Well, this is probably a matter largely for personal taste.

Myself I would always opt for the property, even when coding internal to the class that declares the property. For example, Count rather than FCount reads better, in my view.

Another perspective would be that if you have exposed a property to the public, and it is good enough for public consumption, then it should be fine for private consumption.

Yet another take would be that if you opt to use the most publicly available interface wherever possible, then it will be more obvious when you are using something private. So, if you find that you need to write FCount because there is no Count, then you have a gentle reminder that this is a private name that you are using.

So, as I said, no definitive answer, just my own personal opinions and preferences.

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The only problem with a statement like "always opt for the property" is when the property has a setter that has side effects (eg., performing a calculation or setting other properties) that you may not want to happen internally. :) –  Ken White Nov 26 '11 at 23:45
    
@ken Good point. I'm implicitly assuming that the property maps directly onto the field. I think that's hinted at in the question but nowhere is it explicit. –  David Heffernan Nov 26 '11 at 23:56
    
@David Even if so, classes evolve. –  NGLN Nov 27 '11 at 0:06
    
For me exceptions to the "opt for the property" are constructors, destructor and similar methods such as Assign or CreateCopy. I have seen a couple to many assign methods that go through the setters and getters and cause av's or leaks because not all setters have the same behaviour wrt doing an assigned check and freeing the current instance. In "construction" methods I go for the fields and in the rare circumstance I don't (don't ask it's a long story), I explain why in comments. –  Marjan Venema Nov 27 '11 at 9:37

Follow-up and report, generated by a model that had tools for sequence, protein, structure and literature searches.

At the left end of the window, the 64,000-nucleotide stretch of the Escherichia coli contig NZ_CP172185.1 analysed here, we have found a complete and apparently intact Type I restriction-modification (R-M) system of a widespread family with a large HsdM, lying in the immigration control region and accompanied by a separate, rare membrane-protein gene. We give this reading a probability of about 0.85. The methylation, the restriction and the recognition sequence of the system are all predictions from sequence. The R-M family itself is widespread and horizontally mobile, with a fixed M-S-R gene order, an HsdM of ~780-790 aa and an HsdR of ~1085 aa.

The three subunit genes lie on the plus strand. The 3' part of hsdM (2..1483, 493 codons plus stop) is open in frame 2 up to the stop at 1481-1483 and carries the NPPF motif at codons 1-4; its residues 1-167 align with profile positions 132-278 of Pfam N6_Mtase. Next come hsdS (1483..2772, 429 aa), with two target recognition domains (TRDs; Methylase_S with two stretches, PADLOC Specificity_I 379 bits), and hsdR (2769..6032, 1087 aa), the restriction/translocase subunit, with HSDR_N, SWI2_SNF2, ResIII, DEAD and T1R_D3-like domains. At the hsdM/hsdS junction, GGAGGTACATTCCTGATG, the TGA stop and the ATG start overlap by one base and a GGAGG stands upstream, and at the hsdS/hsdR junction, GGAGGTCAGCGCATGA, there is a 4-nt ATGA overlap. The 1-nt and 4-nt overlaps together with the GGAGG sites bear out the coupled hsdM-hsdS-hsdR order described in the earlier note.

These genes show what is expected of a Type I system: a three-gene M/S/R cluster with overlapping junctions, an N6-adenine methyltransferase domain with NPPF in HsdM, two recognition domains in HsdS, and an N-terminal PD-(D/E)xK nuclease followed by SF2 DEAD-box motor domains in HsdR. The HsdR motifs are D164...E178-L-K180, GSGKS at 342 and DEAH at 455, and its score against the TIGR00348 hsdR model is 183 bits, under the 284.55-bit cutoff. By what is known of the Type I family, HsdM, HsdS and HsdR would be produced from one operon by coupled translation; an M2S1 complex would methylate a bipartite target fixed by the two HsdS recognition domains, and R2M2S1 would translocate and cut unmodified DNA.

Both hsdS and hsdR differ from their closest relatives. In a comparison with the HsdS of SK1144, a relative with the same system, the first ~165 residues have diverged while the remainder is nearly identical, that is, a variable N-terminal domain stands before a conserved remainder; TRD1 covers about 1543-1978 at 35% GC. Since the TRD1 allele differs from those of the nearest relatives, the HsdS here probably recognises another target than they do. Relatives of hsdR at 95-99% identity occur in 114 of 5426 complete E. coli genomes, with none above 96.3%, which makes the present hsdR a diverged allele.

I was just about to answer with the exact same point that Ken mentioned. –  Jerry Dodge Nov 27 '11 at 18:39

If you do not use any getter and setter, it is just a matter of taste. Using the property or the field will generate the exact same code.

If you do use getter and setter, you can expicitely use the private field if you do not want to use the getter/setter code (e.g. in the constructor).

If your getter and setter are virtual, even if the default implementation is just an assignment, you'd have to check the SOLID principles, and ensure that you follow at least Liskov substitution and Open/Close principles.

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I've just finished a blog article about SOLID principles. Definitively I'm not a very polished coder (I confess I break those principles sometimes, even in my Open Source libraries) - but I'd be interested in reading your comments, and let such principles be better known in the Delphi community. Delphi is sometimes assimilated to a RAD product - and this is a marketing label - but IMHO Delphi is much more than RAD. With Delphi, you can make very serious and clean programming. –  Arnaud Bouchez Nov 28 '11 at 16:52